By Markus Naegele, Panasonic Broadcast Europe.
2010 witnessed the introduction of a raft of new products aimed at making 3D more accessible to broadcasters and filmmakers, and there are now a number of options available for shooting in this format. This means that it has never been easier to hit the record button to begin shooting in 3D, but this increased accessibility to 3D equipment does not necessarily mean that the results will always be good quality.
Making the difference between good and bad 3D
There are several important considerations to take into account before, during and after any content is captured in 3D. The decisions that the professional makes during each of these stages will have a direct impact on the quality of the outcome.
The first main choice facing the broadcast professional is whether or not to use a traditional camera rig system. Custom 3D rigs can be tailor-made to fit specific filming criteria and offer the scope required for dual-camera shooting for a range of circumstances, allowing the user to modify settings to produce the desired result. Unfortunately though, 3D rigs have historically been perceived as ‘high-end’ solutions that are both expensive and complicated to design, build, install and operate.
Today, an alternative exists in the form of all-in-one 3D cameras such as the Panasonic AG-3DA1 and the new AG-3DP1, that allow users to change settings much more easily and to control important variables such and distance, picture framing, parallax and luminescence. In this way, settings can be secured in the camera where the only thing that the user needs to do is adjust focus and the intended parallax on the subject being filmed.
With 3D settings being integrated within the broadcast equipment and with the complexity of a rig arrangement removed, users still benefit from full filming flexibility. After all, ease of use significantly boosts the likelihood of producing better end results in 3D.
With the preparation work in place, the shoot itself requires skill as a camera operator and an enhanced appreciation and awareness of what is being filmed. All the usual rules for good 2D filming apply, while it is also necessary to think more about the end output, paying special attention to the screen size that the content will be viewed on, type of screen (plasma, projector etc.) as well as specifics such as the angles involved in filming. Parallax for example is key to achieving the right 3D effect and an incorrect setting here will mean that the background will show through twice in the final content.
To help avoid this kind of eventuality, the Panasonic all-in-one cameras have graphics tables and setting guides to help the user shoot effectively, although this should not detract from the fact that the core skill as a camera operator remains crucial in obtaining a good 3D result.
Importantly, and as an example of how 2D filming differs from 3D, the operator should think about the complete scene being filmed, taking into consideration how the 3D effect will appear on screen for every element in the shot. The position of the convergence point will determine whether subjects come to the front or sink back into the screen.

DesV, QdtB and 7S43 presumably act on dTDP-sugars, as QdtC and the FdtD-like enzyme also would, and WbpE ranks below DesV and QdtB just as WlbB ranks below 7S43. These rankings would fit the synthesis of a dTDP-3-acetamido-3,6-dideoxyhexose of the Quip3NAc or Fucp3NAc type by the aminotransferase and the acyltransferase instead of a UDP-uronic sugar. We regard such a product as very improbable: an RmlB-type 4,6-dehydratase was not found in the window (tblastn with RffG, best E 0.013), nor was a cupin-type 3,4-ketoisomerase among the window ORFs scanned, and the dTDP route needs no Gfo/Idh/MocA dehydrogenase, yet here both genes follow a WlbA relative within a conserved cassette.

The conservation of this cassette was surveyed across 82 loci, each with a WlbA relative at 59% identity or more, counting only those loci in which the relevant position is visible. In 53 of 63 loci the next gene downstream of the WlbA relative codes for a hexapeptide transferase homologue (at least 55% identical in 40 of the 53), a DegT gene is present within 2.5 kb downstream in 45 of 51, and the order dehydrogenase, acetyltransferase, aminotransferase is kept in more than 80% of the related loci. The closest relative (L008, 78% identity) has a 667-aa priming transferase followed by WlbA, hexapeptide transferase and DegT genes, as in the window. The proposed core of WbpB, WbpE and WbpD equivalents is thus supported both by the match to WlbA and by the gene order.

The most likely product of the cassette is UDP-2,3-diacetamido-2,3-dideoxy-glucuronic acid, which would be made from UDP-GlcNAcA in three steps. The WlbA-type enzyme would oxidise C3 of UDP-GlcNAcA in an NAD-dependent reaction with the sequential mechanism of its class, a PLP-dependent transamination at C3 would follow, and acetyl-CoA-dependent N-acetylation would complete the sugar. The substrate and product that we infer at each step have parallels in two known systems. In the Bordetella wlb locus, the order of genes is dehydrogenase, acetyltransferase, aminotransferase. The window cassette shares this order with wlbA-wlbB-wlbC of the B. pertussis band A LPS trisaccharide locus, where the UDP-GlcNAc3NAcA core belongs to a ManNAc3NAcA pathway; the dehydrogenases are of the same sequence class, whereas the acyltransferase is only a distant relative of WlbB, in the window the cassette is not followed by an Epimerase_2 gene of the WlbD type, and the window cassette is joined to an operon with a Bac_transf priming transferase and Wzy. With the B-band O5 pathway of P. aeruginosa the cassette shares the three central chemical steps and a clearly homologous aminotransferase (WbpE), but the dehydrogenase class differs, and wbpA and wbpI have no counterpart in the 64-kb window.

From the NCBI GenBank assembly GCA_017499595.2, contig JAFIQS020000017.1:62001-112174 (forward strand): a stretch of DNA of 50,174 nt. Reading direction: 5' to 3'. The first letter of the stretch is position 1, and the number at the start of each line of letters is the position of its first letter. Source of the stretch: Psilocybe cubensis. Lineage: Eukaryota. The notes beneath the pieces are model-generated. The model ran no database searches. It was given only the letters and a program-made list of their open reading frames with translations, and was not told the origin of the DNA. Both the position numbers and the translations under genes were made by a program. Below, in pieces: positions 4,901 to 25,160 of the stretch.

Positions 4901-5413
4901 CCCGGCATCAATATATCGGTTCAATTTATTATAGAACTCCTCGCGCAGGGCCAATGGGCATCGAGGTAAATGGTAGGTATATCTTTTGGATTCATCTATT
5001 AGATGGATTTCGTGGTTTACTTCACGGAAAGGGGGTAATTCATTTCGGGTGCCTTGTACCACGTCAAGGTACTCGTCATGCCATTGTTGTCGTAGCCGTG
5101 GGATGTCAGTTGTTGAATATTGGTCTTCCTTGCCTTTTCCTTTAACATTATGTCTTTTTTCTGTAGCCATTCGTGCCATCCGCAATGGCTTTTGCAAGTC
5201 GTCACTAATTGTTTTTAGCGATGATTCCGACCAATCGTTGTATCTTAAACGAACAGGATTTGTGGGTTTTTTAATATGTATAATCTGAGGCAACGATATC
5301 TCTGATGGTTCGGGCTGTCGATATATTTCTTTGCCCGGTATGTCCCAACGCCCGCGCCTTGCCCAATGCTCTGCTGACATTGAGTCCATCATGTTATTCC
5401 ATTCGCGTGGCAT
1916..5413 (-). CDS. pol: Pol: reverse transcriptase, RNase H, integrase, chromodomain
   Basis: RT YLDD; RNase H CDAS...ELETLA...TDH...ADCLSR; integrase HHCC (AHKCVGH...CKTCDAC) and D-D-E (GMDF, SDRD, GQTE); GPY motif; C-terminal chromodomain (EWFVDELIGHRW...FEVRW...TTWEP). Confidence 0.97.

Some professionals will know instinctively from looking through the viewfinder if the end result will be good enough while others may need to view the content afterwards to understand how the settings used affect the capture. If there is a need to film again, the flexibility and convenience of using an integrated camera such as the AG-3DA1 or the AG-3DP1 make it easy to understand how to modify the settings and re-take.
The post-capture process offers a final chance to edit the content and to correct any mistakes, although what can be done at this point in the production process is limited. With an all-in-one solution, zooming can be used to align right and left images where the trade-off is a slight loss in picture quality. In the interests of producing the best possible 3D result, it is preferable not to edit or make corrections at this stage. In the same way that prevention is better than cure, professionals who are highly disciplined in the set-up and content capture phases of filming will benefit from the time they invest when it comes to the end result.
Panasonic all-in-one 3D cameras have been designed to simplify the process of shooting 3D, making it more accessible to a wider range of stereographers. Indeed the AG-3DA1 has already been used for numerous novel 3D projects, including on the recent final mission by the space shuttle Atlantis.
Good 3D content however, is not a given. The ability to produce effective 3D effects depends on multiple factors such as the quality of the equipment used, ease of operation and the flexibility to amend key settings. Above all, it depends on a heightened awareness of filming in the third dimension and on the consequent need to take a holistic approach to the many variables that have an impact on the final result.
Markus Naegele is IT Integration Product Manager for Panasonic Broadcast Europe. Panasonic Broadcast Europe is a leader in the development of video formats and core products for broadcast and professional AV, including camera-recorders, video recorders, monitors and mixers. Panasonic’s P2 systems provide the reliability of solid-state production with immediate connectivity to existing IT infrastructures, allowing for completely tapeless workflows.